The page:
Elliott Abrams

Pressure Points

Abrams gives his take on U.S. foreign policy, with special focus on the Middle East and democracy and human rights issues.

Save Kofi Annan

by Elliott Abrams Wednesday, April 25, 2012

Kofi Annan is a very nice man. All the people around the world who would second that notion, or indeed advance it with great energy, should be joining together now to salvage his reputation.

As Secretary-General of the United Nations, Annan did not achieve much and did not push the great powers hard. But that is precisely why he was chosen to be the SG, and then re-elected. He got along with everyone, and unlike Kurt Waldheim did nothing that brought opprobrium on the institution. So he emerged with his reputation intact in 2006, and kept it that way: no dirty deals for quick millions, no associations with rotten causes. Read more »

Recent Articles on President Abbas, Iran’s Nuclear Program, and Egypt

by Elliott Abrams Monday, April 23, 2012

I’ve written articles recently on several Middle East subjects.

In a National Review article entitled “Egypt: Pity the Winner,”  I discussed the Egyptian presidential elections, the remaining candidates, and the economic crisis the winner will face. Read more »

The Talks with Iran

by Elliott Abrams Saturday, April 14, 2012

Happy talk is one of the great concerns we should all have about the talks with Iran in Istanbul, which just concluded with an agreement to meet again on May 23 in Baghdad.

What happened in Istanbul? Judging from the account in the New York Times, not much. The EU’s Lady Ashton says the talks were “useful and constructive,” but there is no real reason to believe this. The Times continues: Read more »

What Does the Muslim Brotherhood Intend?

by Elliott Abrams Friday, April 13, 2012
Presidential candidate from the Muslim Brotherhood, and the Freedom and Justice Party (FJP) Khairat al-Shater waves to his supporters after presenting recommendation documents to the Higher Presidential Elections Commission (HPEC) headquarters in Cairo April 5, 2012. (Courtesy REUTERS/Asmaa Waguih) Presidential candidate from the Muslim Brotherhood, and the Freedom and Justice Party (FJP) Khairat al-Shater waves to his supporters after presenting recommendation documents to the Higher Presidential Elections Commission (HPEC) headquarters in Cairo April 5, 2012. (Courtesy REUTERS/Asmaa Waguih)

What does the Muslim Brotherhood’s candidate for president of Egypt believe? What kind of Egypt would he seek to create?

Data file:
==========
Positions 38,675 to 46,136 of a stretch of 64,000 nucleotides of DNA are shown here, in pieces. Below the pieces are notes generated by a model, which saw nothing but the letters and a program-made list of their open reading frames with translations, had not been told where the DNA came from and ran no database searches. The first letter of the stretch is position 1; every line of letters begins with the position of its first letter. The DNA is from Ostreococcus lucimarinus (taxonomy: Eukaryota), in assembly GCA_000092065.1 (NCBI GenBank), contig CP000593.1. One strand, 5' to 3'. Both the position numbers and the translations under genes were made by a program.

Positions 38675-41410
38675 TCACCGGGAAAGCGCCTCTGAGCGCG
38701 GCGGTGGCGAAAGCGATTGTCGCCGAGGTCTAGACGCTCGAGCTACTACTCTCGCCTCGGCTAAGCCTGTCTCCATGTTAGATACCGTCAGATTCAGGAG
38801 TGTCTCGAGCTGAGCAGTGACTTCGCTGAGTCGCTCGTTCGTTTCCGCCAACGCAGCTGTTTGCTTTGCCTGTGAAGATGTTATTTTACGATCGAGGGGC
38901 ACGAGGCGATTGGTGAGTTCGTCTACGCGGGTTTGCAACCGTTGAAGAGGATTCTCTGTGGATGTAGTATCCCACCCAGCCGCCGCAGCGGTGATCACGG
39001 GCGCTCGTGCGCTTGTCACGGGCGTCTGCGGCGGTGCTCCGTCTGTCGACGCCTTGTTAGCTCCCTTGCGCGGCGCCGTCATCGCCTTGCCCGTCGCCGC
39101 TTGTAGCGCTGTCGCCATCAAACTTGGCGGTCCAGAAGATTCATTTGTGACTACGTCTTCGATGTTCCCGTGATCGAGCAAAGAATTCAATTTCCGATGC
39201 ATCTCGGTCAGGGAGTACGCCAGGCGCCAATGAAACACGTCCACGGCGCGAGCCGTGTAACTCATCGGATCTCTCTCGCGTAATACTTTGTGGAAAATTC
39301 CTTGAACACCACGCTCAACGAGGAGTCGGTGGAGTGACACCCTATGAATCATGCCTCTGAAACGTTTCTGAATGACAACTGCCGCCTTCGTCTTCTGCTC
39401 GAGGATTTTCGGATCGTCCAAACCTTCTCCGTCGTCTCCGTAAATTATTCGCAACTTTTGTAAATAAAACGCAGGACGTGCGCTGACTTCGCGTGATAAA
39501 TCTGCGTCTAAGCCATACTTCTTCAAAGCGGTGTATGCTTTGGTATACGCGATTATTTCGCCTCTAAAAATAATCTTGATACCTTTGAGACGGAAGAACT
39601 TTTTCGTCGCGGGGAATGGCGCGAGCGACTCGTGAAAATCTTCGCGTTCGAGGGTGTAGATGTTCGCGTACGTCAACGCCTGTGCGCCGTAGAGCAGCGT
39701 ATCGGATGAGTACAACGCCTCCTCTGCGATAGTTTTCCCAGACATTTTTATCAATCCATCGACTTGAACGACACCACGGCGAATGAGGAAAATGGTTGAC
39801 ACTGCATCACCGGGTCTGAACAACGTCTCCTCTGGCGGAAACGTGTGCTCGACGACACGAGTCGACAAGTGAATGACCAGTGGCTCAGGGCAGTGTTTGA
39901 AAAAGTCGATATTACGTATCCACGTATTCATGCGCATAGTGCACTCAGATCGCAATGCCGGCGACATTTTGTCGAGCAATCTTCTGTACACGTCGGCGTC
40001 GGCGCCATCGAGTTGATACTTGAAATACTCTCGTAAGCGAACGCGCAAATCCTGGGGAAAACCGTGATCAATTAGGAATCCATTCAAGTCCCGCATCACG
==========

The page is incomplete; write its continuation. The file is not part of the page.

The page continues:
Some answers to that question were given by a MB delegation to Washington recently, sent to reassure Americans about their intentions. The Project on Middle East Democracy has a good summary of the visit here and at my colleague Steven Cook’s CFR blog there is a good summary of the views of Khairat al-Shater, the MB’s candidate for Egypt’s presidency. Read more »

Iran on Best Behavior

by Elliott Abrams Thursday, April 12, 2012

Iran is under remarkably tough sanctions and about to begin negotiations over its nuclear program. So how is it signaling its willingness to play by the rules and engage in serious dialogue?

First came the ridiculous proposal that the negotiations be held in Syria, Lebanon, China, or Iraq, a suggestion that seemed to make a mockery of the talks. They are to take place in Turkey. Far more serious was the visit of Iran’s President Ahmadinejad, on April 11, to the Persian Gulf island of Abu Musa.  Abu Musa is one of three islands strategically located at the entrance to the Gulf. In 1971 Iran agreed that one of the Emirates, Sharjah, had sovereignty over the islands, but in 1992 it forcibly took control of them. The UAE has sought United Nations help and International Court adjudication of sovereignty, but Iran has refused: those are games Iran will not play unless it is sure of winning. And why risk adjudication when force is available? Read more »

Freedom Suffers a Blow in Egypt

by Elliott Abrams Thursday, April 5, 2012

Egypt is a signatory to the International Covenant on Civil and Political Rights. Article 18 states that:

1. Everyone shall have the right to hold opinions without interference.

2. Everyone shall have the right to freedom of expression; this right shall include freedom to seek, receive and impart information and ideas of all kinds, regardless of frontiers, either orally, in writing or in print, in the form of art, or through any other media of his choice. Read more »

Will Assad Return To Killing Lebanese Leaders?

by Elliott Abrams Wednesday, April 4, 2012
Samir Geagea, leader of the Christian Lebanese Forces, speaks during a news conference at his house in Maarab village, north of Beirut, October 12, 2010. (Courtesy REUTERS/Mohamed Azakir). Samir Geagea, leader of the Christian Lebanese Forces, speaks during a news conference at his house in Maarab village, north of Beirut, October 12, 2010. (Courtesy REUTERS/Mohamed Azakir).

Throughout the past decade there have been a series of assassinations and attempted murders of political leaders in Lebanon. Almost all of these plots have one common element: the person whose life was threatened or taken was anti-Assad, and just about everyone in Lebanon believes Syria was behind or involved in the wave of violence. Read more »